Critical Care Alert, Critical Care, Cardiology

Critical Care Alert: Defibrillation Strategies for Refractory Ventricular Fibrillation

ARTICLE:Cheskes S, Verbeek PR, Drennan IR, et al. Defibrillation Strategies for Refractory Ventricular Fibrillation. N Engl J Med. 2022;387:1947-1956.

OBJECTIVE: To evaluate double sequential external defibrillation (DSED) and vector-change defibrillation (VC) as compared with standard defibrillation in patients who remain in refractory ventricular fibrillation during out-of-hospital cardiac arrest.

Ventricular fibrillation contributes to a significant portion of out-of-hospital cardiac arrest. Standard guidelines promote early defibrillation for cessation of the arrhythmia. Ventricular fibrillation and pulseless ventricular tachycardia have a higher chance of survival than other cardiac rhythms during cardiac arrest. Despite this, some patients remain in refractory ventricular fibrillation, which is usually defined as persistent ventricular fibrillation after three defibrillation attempts. Previous literature has found that 30-day survival is 28.7% in patients who can be cardioverted in the first three shocks; survival drops to 4.9% among those needing >10 shocks for successful cardioversion.1 Following defibrillation, advanced cardiac life support (ACLS) promotes the use of antiarrhythmics, but no antiarrhythmic has been shown to improve neurologically intact survival.2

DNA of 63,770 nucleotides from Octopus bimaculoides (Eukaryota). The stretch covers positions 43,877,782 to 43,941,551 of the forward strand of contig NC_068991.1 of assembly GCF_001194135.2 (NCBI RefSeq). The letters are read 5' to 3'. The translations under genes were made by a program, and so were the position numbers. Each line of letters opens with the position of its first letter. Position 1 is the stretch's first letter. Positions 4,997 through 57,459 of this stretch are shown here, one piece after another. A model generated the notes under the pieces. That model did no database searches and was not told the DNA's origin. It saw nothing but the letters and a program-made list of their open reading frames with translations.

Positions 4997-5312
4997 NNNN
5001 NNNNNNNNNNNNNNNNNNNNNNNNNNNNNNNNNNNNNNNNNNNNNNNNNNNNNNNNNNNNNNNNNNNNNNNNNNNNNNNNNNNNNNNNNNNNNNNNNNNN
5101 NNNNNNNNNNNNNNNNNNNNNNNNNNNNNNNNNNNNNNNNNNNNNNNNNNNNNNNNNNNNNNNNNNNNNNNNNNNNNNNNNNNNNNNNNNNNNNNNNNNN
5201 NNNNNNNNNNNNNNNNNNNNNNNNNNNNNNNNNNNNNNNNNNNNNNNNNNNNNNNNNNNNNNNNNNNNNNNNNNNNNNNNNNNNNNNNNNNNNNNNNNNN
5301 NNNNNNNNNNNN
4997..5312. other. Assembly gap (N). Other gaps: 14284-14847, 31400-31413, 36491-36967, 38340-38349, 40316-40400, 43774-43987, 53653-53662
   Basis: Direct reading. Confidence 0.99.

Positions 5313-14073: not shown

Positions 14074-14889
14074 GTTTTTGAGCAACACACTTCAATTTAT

Several alternative defibrillator techniques have been proposed. Two of these are DSED and VC defibrillation. In VC defibrillation, the pads are switched from the standard anterior-lateral (AL) to an anterior-posterior (AP) position to change the vector of the electrical shock. This may allow for a higher current to pass through portions of the ventricle not reached by the standard AL position. In DSED, two defibrillators are used. One set is placed in the AL position and the other in the AP configurations. Both shocks are immediately given sequentially. Another mode exists, double simultaneous defibrillation (DSD), in which the pads are in AL and AP configuration but the shocks are delivered simultaneously. These defibrillation techniques have been reported in previous observational studies with varying degrees of success.3 Due to this uncertainty,  practice both in and out of hospital have not incorporated these alternative techniques for defibrillation into the current cardiac arrest guidelines.4  In addition, there is a theoretical risk of defibrillator damage with multiple shocks. A further confounder in previous studies is a lack of timing considerations of DSED/DSD/VC as they may have been used as a last resort vs. an early defibrillation technique. This study is a randomized control trial designed to evaluate the early use of DSED and VC techniques in refractory ventricular fibrillation.